Risk and Performance Based Fire Safety Design of Steel and Composite Structures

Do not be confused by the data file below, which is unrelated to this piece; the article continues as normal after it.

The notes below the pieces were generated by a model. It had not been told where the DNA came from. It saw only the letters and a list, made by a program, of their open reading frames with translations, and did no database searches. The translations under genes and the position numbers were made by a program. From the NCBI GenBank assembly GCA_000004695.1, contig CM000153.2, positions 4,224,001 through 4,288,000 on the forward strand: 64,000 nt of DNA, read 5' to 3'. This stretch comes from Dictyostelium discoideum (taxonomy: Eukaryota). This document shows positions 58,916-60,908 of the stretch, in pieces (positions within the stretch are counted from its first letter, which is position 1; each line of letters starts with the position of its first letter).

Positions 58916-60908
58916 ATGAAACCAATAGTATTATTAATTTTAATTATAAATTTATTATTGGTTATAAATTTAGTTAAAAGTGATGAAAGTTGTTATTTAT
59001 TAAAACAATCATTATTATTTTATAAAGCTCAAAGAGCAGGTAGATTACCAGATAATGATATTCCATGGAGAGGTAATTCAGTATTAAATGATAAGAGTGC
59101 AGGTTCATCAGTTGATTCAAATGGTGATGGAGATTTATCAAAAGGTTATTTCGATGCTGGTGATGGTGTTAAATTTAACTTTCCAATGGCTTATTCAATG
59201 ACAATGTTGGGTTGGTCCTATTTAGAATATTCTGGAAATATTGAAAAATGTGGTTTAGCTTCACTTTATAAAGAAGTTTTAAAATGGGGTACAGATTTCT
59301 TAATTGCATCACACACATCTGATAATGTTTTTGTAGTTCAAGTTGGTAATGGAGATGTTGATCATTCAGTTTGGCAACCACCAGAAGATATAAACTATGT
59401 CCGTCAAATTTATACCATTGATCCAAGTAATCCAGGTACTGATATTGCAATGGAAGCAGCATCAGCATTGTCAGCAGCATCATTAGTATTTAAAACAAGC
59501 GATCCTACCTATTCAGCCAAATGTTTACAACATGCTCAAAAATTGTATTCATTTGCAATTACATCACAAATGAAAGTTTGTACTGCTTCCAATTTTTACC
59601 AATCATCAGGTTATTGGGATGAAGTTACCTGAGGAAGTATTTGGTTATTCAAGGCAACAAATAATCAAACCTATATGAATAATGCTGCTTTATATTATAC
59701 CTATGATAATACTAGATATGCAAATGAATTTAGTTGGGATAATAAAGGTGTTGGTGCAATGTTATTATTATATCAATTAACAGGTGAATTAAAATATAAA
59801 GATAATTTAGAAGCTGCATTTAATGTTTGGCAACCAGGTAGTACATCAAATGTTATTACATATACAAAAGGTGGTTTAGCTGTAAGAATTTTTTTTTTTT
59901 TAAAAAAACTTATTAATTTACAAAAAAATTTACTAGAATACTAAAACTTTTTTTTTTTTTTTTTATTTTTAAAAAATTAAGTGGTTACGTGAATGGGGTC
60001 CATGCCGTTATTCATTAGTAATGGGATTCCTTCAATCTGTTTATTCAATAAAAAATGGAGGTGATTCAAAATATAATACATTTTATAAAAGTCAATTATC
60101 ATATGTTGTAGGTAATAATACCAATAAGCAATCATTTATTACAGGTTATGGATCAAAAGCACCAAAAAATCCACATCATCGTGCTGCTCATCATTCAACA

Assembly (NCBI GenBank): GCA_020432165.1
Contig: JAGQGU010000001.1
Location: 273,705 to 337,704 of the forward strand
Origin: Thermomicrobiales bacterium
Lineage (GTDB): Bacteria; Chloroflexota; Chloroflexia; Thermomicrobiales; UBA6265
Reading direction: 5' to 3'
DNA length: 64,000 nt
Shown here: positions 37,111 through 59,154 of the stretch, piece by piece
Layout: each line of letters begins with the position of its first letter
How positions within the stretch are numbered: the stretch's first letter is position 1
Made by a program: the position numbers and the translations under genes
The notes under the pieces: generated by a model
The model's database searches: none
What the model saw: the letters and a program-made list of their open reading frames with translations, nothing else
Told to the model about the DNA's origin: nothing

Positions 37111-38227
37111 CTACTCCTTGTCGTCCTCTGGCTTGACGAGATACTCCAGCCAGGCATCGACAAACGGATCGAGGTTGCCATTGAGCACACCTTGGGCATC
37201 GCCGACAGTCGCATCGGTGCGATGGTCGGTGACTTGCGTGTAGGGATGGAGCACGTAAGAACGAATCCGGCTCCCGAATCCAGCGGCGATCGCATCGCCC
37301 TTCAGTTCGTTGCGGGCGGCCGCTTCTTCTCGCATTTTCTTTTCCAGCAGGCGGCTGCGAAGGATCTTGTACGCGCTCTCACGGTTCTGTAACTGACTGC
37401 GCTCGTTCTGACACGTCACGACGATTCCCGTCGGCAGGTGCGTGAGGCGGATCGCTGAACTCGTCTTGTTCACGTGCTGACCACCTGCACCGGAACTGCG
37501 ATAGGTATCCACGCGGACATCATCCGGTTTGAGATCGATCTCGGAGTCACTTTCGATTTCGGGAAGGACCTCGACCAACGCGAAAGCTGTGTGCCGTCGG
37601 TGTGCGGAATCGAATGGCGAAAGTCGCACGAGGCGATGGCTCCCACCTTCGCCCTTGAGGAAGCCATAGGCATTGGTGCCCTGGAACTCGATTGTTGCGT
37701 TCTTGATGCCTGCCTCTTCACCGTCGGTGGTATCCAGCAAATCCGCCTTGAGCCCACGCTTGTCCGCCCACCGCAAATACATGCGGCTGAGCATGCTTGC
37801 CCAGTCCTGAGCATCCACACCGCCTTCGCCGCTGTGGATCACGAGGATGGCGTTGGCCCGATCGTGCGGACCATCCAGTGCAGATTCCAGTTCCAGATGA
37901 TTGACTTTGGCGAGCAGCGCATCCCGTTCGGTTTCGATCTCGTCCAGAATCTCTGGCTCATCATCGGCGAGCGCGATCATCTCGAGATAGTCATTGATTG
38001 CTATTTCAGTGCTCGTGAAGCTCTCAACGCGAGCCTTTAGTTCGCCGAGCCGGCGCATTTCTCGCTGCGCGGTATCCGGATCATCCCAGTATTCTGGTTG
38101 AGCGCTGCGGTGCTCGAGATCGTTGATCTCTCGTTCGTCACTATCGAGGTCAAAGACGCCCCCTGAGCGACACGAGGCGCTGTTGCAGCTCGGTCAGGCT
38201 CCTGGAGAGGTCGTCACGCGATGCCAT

For the development of performance based design on a proper scientific basis the use of the concept of risk is inevitable. However, the application of this concept to actual structural design is not simple because of the large ranges of probability and consequences of events which exist. This is compounded by a plethora of different actions that can be taken to reduce the probabilities of the events and also the magnitude of the consequences. It is the reduction in the magnitude of these consequences which is essentially the goal of design. This work aims to address the challenges posed by the application of the concepts of performance based design for structures in fire. Simple methodologies have been developed for the assessment of the consequences of an extreme event. These methodologies are based upon fundamental behaviour of structures in fire. A methodology has been developed which can be used to assess the capacity/deflection behaviour through the complete thermal deflection of floor slabs. This takes into account positive effects on the capacity of floor slabs of the membrane stress at the slabs boundaries at low deflections as well as the final capacity provided by the tensile membrane action of the reinforcement mesh at high deflections. For vertical stability of structures in fire, analytical equations to describe the behaviour of floor systems at the perimeter of a building are developed. From these equations, the resulting pull-in forces on external columns can be calculated as well as the resulting horizontal load applied to the column. From this, a simple stability assessment is proposed which can be used to assess the consequences of multiple floor fires on tall buildings. These analytical methodologies are brought together in a risk based frame- work for structural design which can be used to identify areas in a building or structural components which pose a high residual risk. These elements can be qualitatively ’ranked’ according to their relative risk and appropriate measures taken to reduce the risk to an acceptable level. The framework is illustrated via 2 case studies. The first is of a typical small office building, and the second is of a prestige office development.
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